This week we exclusively revealed the financial difficulties facing P&O Ferries, the market leader on the English Channel and one of the area’s biggest employers.
We obtained an internal staff notice, circulated to employees of the Dover-based company on July 27, in which chief executive Helen Deeble outlined in frank terms the very immediate challenges facing the business.
A combination of “strong recessionary pressures” and the effects of a price war launched by its competitors, both on the Channel and underneath it, have left the company with no choice but to find ways of cutting costs.
Admitting it could be some time until the industry recovers from the effects of the recession, Ms Deeble confessed the company’s short sea route between Dover and Calais is under particularly fierce attack from its rivals. She said:
This attack, in the form of a price war, emanates primarily from Eurotunnel which has slashed its freight rates to win back the market share it lost to us after the tunnel fire in the autumn of 2008.
This has cost us a loss of freight volume and a significant downturn in revenues due to the lower prices we are having to charge our customers.
At the same time, Eurotunnel and ferry competitors are piling on more pressure with weekend promotions that have further depressed freight rates and we have been forced to fight back with special freight deals of our own.
This makes for grim reading. Freight is of course the lifeblood of the cross-Channel carriers, the health of that market for any player goes a long way to determining the strength of its business.
The Channel Tunnel fire of 2008 saw a significant amount of business shift to the ferry companies operating out of the Port of Dover, offsetting to a certain extent the loss of traffic caused by the economic downturn which struck around the same time.
I remember at one meeting of the Dover Harbour Board consultative committee in the aftermath of the fire DHB chief executive Bob Goldfield expressed regret over the incident – but the smile on his face betrayed his true feelings, it was a welcome boost for the shipping industry in Dover.
P&O Ferries also benefited from the troubles engulfing Dover-Calais rival SeaFrance, which has been on the brink of bankruptcy for some time and is in need of a bail-out and severe restructuring if it is to survive.
Now Eurotunnel, which operates shuttles carrying freight and tourist vehicles through the Channel Tunnel, is fighting back aggressively in a bid to reclaim its lost market share. This, along with competition from SeaFrance, DFDS Seaways and LD Lines, is putting the squeeze on P&O – and it’s starting to hurt.
Although the memo of July 27 does not outline any concrete plans for cost-cutting, the chief executive’s words will have sent a chill through the workforce:
This all means we are being forced to reduce costs throughout the business in order to be able to compete. It is therefore important I highlight to you at the earliest opportunity that our current performance is of serious concern and that it is going to require urgent attention.
Undoubtedly the language of a company struggling financially, but how will the savings be made? Ms Deeble simply said:
The board is currently considering all of its options.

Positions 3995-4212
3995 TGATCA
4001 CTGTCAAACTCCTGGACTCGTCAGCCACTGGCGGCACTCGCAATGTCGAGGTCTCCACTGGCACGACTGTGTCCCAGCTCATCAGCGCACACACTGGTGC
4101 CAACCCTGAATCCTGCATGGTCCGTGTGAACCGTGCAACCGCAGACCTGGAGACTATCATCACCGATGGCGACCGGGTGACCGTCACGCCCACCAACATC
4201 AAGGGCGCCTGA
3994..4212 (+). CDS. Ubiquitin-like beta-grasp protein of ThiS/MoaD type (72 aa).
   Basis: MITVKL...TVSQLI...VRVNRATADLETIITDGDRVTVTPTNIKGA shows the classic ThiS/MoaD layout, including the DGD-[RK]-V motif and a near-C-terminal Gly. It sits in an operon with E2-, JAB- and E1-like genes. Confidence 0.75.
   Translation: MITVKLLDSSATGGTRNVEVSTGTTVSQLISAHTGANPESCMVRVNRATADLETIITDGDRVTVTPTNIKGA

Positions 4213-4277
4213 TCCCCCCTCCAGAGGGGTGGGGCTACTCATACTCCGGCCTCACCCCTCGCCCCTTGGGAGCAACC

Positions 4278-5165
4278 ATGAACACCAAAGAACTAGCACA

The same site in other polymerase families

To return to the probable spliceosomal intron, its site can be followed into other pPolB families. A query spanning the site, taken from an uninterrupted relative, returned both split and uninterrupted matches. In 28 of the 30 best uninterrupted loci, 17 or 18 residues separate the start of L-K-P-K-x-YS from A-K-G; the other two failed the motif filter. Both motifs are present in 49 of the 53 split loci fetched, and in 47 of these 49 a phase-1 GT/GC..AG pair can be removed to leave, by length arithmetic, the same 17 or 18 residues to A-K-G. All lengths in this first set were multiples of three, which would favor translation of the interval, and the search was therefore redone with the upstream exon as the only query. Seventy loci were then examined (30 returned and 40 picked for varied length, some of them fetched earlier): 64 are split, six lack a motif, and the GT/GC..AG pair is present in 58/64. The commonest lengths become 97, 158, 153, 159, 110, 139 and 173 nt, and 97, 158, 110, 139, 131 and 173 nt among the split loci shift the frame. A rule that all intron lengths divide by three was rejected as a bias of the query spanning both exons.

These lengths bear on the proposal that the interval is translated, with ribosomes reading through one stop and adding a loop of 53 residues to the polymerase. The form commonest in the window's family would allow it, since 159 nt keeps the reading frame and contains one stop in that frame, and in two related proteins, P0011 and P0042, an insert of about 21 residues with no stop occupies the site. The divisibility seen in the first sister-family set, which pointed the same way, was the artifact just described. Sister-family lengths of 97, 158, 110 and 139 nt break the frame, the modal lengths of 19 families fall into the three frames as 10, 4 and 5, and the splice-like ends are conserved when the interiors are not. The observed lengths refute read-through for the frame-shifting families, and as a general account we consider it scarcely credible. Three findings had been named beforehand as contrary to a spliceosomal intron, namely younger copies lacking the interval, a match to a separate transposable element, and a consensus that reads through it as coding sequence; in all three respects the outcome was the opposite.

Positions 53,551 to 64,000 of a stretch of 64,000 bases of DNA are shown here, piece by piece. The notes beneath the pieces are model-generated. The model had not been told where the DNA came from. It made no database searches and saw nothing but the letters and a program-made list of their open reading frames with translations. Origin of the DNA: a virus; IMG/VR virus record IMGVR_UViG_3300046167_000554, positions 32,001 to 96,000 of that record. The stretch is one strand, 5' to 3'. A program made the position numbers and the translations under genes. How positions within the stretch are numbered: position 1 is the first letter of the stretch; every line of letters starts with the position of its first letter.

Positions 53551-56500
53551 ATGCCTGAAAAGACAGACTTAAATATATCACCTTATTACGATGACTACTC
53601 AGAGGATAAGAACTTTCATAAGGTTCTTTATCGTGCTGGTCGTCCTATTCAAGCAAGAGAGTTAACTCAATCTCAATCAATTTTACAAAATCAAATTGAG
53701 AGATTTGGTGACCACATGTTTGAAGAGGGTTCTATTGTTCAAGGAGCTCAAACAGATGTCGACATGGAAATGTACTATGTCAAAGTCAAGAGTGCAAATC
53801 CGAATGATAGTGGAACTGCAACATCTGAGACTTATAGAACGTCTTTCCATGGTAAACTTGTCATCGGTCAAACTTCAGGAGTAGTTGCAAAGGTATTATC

Although no explicit mention is made of job cuts, the officers’ union Nautilus International told me it is “deeply concerned” by the situation at P&O, warning darkly that a price war is a direct threat to jobs. I believe that threat is very real indeed.
Earlier this year I travelled to Finland to witness P&O proudly float out the first of two new ships destined for the Dover-Calais route. One of the points made again and again during this visit was that these new ferries will be the biggest ever to sail the route, delivering highly-beneficial economies of scale.
Spirit of Britain and Spirit of France will be capable of carrying twice as much traffic as the vessels they are set to replace, but will use the same amount of fuel and – importantly – require almost exactly the same level of crewing.
This is why I believe we will see jobs go at P&O within the next twelve months.
(UPDATE: Little more than a month after this blog post was published, the Express revealed plans for job cuts at P&O’s base in Dover.)
If your market share is under sustained attack from rivals engaged in a bitter price war at a time when the economy is stagnating, it is unlikely your traffic volumes are going to grow to fill this extra capacity created by new tonnage. And if the crew-to-traffic ratio is reduced by economies of scale then it is plausible jobs losses could be on the horizon.
Of course this remains purely speculation at this stage. Things will become clearer in the coming weeks and months as P&O prepares next year’s budget this autumn. But for many it will be a nervous time as the company is forced to slash its outgoings in an effort to remain competitive in this most cut-throat of markets.
UPDATE: As if to demonstrate the parlous state of the industry at this moment in time, today I spoke to LD Lines managing director Christophe Santoni and he admitted his company, which operates between Dover and Boulogne, could be facing the prospect of job cuts.
He confirmed to me that “staff reduction may unfortunately be on the agenda” because of the “seriousness of the situation” facing the business, which goes to show it’s not just P&O and SeaFrance who are struggling to balance the books on the English Channel.